Category Archives: Movie Reviews

Our reviews and thoughts on the latest releases, classics, and nostalgic favourites. Things we loved, things we hated, and worst of all, things we were ambivalent about.


In northeastern Québec lies an impossibly small village, an Innu community where many band members still live off the land and almost no English is spoken. Two young girls grow up inseperable; Mikuan (Sharon Ishpatao Fontaine) has a close and loving family, while Shaniss (Yamie Grégoire), like too many First Nation peoples, is picking up the pieces of a fractured family and broken childhood. And while their girlhood games of midnight fishing may not feel familiar, their little girl giggles are universal. Best friends forever, they vow to always stick together.

But just a few years later, when the girls are nearly 17, life is driving them apart. Shaniss has an abusive partner and a baby to care for while Mikuan is learning to express herself and pay tribute to her community through poetry. She falls in love with a white boy (Étienne Galloy) and dreams of leaving the small reserve to go to school. Shaniss, already grieving the loss of her friend, starts to feel abandoned.

Kuessipan, which means “your turn” in Innu, is adapted from a novel by the same name written by a young woman from this same reserve, Naomi Fontaine, who helped directed Myriam Verreault write it for the screen. Shot in and around the Innu Takuaikan Uashat Mak Mani-Utena reserve, the film uses band members rather than professional actors, which lends an authentic but not amateur feel.

The film, wise beyond the 21 years of its young author, is about finding one’s voice and one’s path, and having the courage to do so even when it means leaving people, and the comfort of familiarity, behind. With beautiful Indigenous imagery and stark cinematography, it’s also a look at contemporary life on a First Nations reserve, an infrequent subject in film or in literature. With a history of oppression and colonization, many First Nations people in Canada are still living impoverished, wounded lives. And yet their culture survives and thrives in many small communities across the land, their stories told through art that moves and inspires not just their own people, but Canadians across the country and people beyond its borders as well. Kuessipan tells the story of not one but two young women succeeding in their own way, leading lives that will pave the way for generations to come.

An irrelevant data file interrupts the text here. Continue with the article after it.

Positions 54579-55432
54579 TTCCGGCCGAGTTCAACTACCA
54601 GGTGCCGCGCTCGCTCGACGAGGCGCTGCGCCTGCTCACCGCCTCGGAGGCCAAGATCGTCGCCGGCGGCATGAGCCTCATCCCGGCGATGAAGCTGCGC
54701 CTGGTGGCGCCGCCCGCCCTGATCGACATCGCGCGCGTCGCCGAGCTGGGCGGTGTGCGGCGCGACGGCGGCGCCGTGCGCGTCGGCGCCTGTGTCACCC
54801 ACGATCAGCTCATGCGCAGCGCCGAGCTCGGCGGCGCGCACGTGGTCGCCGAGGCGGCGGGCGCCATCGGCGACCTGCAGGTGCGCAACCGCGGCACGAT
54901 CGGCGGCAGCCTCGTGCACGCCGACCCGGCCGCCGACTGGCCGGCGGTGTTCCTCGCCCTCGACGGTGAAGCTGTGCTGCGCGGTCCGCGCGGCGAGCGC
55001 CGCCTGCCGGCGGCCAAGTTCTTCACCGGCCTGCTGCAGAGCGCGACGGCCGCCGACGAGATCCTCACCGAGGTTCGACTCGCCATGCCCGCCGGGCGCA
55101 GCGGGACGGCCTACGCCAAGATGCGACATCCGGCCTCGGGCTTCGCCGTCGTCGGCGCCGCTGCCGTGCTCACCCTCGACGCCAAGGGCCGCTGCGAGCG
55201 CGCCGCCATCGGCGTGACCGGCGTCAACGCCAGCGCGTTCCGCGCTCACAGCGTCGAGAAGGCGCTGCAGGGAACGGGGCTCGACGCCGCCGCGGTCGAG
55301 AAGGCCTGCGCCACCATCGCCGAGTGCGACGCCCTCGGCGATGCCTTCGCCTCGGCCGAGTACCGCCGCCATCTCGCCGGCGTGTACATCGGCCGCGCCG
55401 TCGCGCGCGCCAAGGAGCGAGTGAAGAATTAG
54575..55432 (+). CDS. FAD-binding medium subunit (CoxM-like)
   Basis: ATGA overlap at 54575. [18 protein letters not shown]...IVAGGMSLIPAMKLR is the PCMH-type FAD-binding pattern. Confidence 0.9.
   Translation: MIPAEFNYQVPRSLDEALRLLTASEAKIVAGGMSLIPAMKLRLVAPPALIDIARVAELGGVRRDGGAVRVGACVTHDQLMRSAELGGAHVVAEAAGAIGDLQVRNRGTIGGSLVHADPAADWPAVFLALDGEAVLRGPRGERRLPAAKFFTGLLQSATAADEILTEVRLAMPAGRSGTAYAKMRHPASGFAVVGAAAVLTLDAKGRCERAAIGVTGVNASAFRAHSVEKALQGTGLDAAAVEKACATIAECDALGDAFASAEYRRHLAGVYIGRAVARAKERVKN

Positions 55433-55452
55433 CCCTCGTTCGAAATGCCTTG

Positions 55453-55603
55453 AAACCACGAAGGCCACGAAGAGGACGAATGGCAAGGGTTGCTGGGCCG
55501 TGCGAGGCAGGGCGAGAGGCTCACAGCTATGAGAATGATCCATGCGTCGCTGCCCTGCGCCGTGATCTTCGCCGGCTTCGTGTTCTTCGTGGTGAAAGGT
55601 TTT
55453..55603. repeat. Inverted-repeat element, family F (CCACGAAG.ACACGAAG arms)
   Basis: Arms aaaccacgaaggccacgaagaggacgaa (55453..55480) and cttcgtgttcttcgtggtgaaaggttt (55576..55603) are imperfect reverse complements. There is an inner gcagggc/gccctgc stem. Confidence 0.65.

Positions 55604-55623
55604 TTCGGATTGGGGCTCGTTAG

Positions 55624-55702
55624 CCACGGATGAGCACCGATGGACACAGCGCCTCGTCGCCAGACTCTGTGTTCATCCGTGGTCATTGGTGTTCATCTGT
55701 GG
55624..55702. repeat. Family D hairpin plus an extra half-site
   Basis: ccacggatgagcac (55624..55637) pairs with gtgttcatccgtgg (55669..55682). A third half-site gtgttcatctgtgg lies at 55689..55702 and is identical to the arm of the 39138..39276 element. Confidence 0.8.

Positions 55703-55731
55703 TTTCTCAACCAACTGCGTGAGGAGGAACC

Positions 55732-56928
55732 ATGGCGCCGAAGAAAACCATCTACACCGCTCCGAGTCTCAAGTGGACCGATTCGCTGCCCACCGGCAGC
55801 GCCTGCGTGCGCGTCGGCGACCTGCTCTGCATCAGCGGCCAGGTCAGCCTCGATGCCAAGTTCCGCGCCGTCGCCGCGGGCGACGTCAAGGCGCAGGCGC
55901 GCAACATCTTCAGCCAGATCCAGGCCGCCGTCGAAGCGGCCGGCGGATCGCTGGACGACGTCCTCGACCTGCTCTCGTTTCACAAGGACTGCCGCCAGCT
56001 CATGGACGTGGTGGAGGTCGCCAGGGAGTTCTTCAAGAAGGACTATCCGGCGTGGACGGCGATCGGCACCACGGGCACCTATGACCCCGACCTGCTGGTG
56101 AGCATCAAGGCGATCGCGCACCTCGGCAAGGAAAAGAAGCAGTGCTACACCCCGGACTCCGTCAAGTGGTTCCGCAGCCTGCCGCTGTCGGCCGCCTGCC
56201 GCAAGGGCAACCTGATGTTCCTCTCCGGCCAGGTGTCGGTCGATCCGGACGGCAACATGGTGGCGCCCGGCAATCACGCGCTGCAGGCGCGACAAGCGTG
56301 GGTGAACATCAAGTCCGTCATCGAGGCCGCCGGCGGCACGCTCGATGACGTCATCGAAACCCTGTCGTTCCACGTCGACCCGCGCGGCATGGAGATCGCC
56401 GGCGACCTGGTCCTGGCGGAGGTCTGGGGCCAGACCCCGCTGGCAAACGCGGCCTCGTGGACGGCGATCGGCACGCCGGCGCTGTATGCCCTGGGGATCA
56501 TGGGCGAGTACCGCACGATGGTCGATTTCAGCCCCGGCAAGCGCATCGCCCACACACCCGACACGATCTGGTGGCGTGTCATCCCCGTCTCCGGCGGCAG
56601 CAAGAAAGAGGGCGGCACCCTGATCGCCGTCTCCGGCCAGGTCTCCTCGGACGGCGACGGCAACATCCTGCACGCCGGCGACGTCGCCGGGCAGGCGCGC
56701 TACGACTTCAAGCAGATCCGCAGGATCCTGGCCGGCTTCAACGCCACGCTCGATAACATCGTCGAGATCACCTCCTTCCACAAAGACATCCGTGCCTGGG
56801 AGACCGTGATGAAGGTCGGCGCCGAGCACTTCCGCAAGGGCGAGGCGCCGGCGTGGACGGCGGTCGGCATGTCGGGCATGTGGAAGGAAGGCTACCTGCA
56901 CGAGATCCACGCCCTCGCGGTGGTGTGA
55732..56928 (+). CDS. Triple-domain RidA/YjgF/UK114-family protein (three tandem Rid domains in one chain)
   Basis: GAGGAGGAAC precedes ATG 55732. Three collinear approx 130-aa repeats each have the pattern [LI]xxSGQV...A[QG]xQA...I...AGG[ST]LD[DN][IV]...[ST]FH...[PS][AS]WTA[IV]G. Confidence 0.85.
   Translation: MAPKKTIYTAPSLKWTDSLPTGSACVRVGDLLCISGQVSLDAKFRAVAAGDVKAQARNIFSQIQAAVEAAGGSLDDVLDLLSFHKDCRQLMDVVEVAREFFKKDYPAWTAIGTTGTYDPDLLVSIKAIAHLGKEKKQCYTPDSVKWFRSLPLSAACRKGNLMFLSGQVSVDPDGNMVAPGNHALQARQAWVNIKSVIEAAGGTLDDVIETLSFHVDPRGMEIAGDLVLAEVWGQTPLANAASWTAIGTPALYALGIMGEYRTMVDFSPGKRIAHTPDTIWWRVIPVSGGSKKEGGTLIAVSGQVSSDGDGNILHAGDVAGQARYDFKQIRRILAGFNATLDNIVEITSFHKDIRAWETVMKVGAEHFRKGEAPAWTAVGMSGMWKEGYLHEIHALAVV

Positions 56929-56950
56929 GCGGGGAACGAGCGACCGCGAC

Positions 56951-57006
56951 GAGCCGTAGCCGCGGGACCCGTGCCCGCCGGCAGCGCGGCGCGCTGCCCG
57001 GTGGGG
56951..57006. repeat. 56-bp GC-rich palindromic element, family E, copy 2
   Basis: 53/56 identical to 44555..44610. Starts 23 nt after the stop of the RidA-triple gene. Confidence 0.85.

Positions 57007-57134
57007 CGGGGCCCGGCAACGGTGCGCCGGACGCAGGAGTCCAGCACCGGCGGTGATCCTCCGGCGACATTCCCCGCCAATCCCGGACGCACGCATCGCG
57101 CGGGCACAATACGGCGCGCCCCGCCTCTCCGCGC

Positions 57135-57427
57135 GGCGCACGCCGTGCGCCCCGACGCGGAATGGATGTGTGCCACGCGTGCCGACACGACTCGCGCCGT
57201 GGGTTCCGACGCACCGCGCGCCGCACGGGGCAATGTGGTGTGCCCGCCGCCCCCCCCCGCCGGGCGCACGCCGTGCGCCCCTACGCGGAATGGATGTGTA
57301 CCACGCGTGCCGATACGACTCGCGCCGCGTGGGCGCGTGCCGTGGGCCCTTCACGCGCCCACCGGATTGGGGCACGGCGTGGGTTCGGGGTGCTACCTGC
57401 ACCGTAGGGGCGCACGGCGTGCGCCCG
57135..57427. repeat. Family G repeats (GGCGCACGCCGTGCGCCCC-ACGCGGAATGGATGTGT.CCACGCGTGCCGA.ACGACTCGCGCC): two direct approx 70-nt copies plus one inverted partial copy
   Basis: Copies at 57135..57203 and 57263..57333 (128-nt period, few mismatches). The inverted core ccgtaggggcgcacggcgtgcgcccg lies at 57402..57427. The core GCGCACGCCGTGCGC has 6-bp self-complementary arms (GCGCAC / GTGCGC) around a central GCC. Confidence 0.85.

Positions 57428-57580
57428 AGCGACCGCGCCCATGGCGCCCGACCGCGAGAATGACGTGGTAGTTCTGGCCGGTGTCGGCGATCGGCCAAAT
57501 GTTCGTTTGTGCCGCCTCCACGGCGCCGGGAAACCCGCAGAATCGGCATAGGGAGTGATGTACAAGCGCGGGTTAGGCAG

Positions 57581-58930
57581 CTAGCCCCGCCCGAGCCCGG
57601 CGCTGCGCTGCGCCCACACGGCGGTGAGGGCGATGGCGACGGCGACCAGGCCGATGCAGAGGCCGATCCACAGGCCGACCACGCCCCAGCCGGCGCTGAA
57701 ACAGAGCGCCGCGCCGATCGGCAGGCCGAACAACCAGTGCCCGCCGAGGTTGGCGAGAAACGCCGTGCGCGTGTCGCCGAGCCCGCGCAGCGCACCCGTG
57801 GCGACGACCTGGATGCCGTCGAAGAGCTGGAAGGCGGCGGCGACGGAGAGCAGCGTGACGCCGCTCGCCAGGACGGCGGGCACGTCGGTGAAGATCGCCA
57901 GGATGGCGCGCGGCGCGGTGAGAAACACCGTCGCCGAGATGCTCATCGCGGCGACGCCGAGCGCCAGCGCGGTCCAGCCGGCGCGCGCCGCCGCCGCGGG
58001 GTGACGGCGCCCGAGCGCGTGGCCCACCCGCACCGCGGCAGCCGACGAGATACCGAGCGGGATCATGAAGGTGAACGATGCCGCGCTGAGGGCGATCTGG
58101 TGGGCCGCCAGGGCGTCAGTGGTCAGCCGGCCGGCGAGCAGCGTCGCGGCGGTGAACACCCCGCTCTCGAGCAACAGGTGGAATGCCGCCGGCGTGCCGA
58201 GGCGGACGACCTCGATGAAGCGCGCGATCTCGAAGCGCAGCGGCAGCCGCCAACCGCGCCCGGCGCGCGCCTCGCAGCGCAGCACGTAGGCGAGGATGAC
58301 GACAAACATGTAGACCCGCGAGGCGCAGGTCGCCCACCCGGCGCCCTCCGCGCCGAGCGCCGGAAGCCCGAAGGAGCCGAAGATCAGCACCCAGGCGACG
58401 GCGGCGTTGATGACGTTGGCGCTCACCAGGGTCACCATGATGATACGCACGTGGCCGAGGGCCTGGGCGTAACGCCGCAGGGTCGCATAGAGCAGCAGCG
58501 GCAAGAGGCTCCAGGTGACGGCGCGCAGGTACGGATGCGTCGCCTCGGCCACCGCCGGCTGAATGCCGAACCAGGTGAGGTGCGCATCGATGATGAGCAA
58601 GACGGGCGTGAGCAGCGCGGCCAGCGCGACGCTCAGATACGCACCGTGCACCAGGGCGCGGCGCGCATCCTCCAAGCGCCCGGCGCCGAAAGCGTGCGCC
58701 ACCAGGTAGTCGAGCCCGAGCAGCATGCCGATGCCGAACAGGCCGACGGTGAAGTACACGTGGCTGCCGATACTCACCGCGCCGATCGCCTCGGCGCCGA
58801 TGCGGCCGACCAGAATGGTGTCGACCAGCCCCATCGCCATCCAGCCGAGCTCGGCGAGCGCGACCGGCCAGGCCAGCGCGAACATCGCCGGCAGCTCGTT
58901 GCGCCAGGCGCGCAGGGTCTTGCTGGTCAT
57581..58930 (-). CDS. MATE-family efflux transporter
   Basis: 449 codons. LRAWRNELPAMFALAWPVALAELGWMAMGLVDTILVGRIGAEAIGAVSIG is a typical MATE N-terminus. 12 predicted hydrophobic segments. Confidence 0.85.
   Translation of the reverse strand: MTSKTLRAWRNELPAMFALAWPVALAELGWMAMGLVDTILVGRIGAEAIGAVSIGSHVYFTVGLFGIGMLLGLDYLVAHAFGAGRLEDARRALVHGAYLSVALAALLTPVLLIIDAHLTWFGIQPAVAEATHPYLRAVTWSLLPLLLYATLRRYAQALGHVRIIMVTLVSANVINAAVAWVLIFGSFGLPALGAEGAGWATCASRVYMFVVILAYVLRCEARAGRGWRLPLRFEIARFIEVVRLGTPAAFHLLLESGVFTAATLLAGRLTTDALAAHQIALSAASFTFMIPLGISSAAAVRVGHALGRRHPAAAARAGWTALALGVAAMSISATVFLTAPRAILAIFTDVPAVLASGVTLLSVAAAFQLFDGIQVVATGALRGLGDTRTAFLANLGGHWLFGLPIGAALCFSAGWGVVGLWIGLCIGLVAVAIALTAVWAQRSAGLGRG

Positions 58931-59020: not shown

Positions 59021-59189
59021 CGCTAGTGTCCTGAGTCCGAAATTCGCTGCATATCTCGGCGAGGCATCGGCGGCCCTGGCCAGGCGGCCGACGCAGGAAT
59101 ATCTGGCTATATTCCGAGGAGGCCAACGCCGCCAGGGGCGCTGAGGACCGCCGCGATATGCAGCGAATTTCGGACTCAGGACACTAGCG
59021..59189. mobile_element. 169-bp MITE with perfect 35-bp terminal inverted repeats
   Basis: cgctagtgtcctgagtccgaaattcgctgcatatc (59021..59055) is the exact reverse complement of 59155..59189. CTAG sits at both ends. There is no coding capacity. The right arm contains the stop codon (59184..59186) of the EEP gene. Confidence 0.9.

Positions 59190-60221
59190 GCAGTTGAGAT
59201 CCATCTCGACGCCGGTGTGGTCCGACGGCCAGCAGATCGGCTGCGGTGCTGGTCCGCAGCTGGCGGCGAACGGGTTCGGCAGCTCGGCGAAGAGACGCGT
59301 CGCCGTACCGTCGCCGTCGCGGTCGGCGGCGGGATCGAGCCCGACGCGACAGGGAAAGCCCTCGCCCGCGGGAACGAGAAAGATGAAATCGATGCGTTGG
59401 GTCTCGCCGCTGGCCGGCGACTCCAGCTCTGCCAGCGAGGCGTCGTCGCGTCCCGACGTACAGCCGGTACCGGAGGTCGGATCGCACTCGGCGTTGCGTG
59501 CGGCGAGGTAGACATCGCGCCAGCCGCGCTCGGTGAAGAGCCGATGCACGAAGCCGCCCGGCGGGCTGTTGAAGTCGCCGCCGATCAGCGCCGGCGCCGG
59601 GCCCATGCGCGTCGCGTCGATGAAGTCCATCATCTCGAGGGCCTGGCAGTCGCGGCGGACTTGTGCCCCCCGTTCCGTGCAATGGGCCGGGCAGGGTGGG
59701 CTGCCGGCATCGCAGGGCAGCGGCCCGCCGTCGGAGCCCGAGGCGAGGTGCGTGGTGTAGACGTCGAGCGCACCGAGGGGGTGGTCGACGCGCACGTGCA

Billie (Julia Louis-Dreyfus) and Pete (Will Ferrell) are vacationing with their two teenage sons at a ski resort in the Alps. One day, during an outdoor lunch, a controlled avalanche sends a wall of snow down toward them, its powder cloud so substantial that all the restaurant patrons fear for their lives. In the panic, Pete flees, saving himself, leaving Billie trapped at the table, protecting their sons. When the snow cloud clears, no one is hurt, but tensions are high as his wife and sons believe he abandoned them in their time of need.

You won’t be surprised to learn that the rest of their vacation does not go well. Pete won’t admit what he did and Billie simmers in (mostly) silence, their interactions steeped in a strong brew of passive aggression. Things really reach a head when Pete’s coworker Zach (Zach Woods) shows up with his bubbly girlfriend Rosie (Zoe Chao) and their carefree hashtag lifestyle is no match for the simmering stress of their unhappily married friends. Billie tearfully, shakily recounts her brush with death and her husband’s cowardice, while the guests sit in horrified silence. She even gets the boys out of bed to confirm the story when Pete once again denies it. Oooof. The movie is supposed to be uncomfortable but it shouldn’t be so wildly miscast. Louis-Dreyfus is convincingly traumatized while Ferrell is just a buffoon. They’re feel like they’re making two different movies.

Downhill is the unnecessary American remake of the excellent Swedish movie Turist (known in English-speaking countries as Force Majeure). Force Majeure was one of the first films we reviewed here, and one that we talked about for weeks, admiring its cinematography and script, but most of all debating the ethics and themes. We went to a pub afterward, and talked about masculinity, filial duty, gender stereotypes, human instincts, and whether it’s fair to measure your relationship based on a split-second decision. Privately, we all wondered how we might have reacted ourselves.

Coming out of Downhill, all we debated was why Americans feel the need to remake movies and make them worse. Yes, laziness of course. Americans hate subtitles. And reading. But Parasite! Parasite just won Best Picture, and that’s subtitled. Progress? Or wishful thinking? At any rate, Downhill feels unfortunately titled considering how it compares to the heights achieved by its predecessor. If you’re going to bother, skip this one entirely and see Force Majeure. Provoking and invasive, it doesn’t just break the marriage open, it goes inside and pokes around.

A Shaun The Sheep Movie: Farmageddon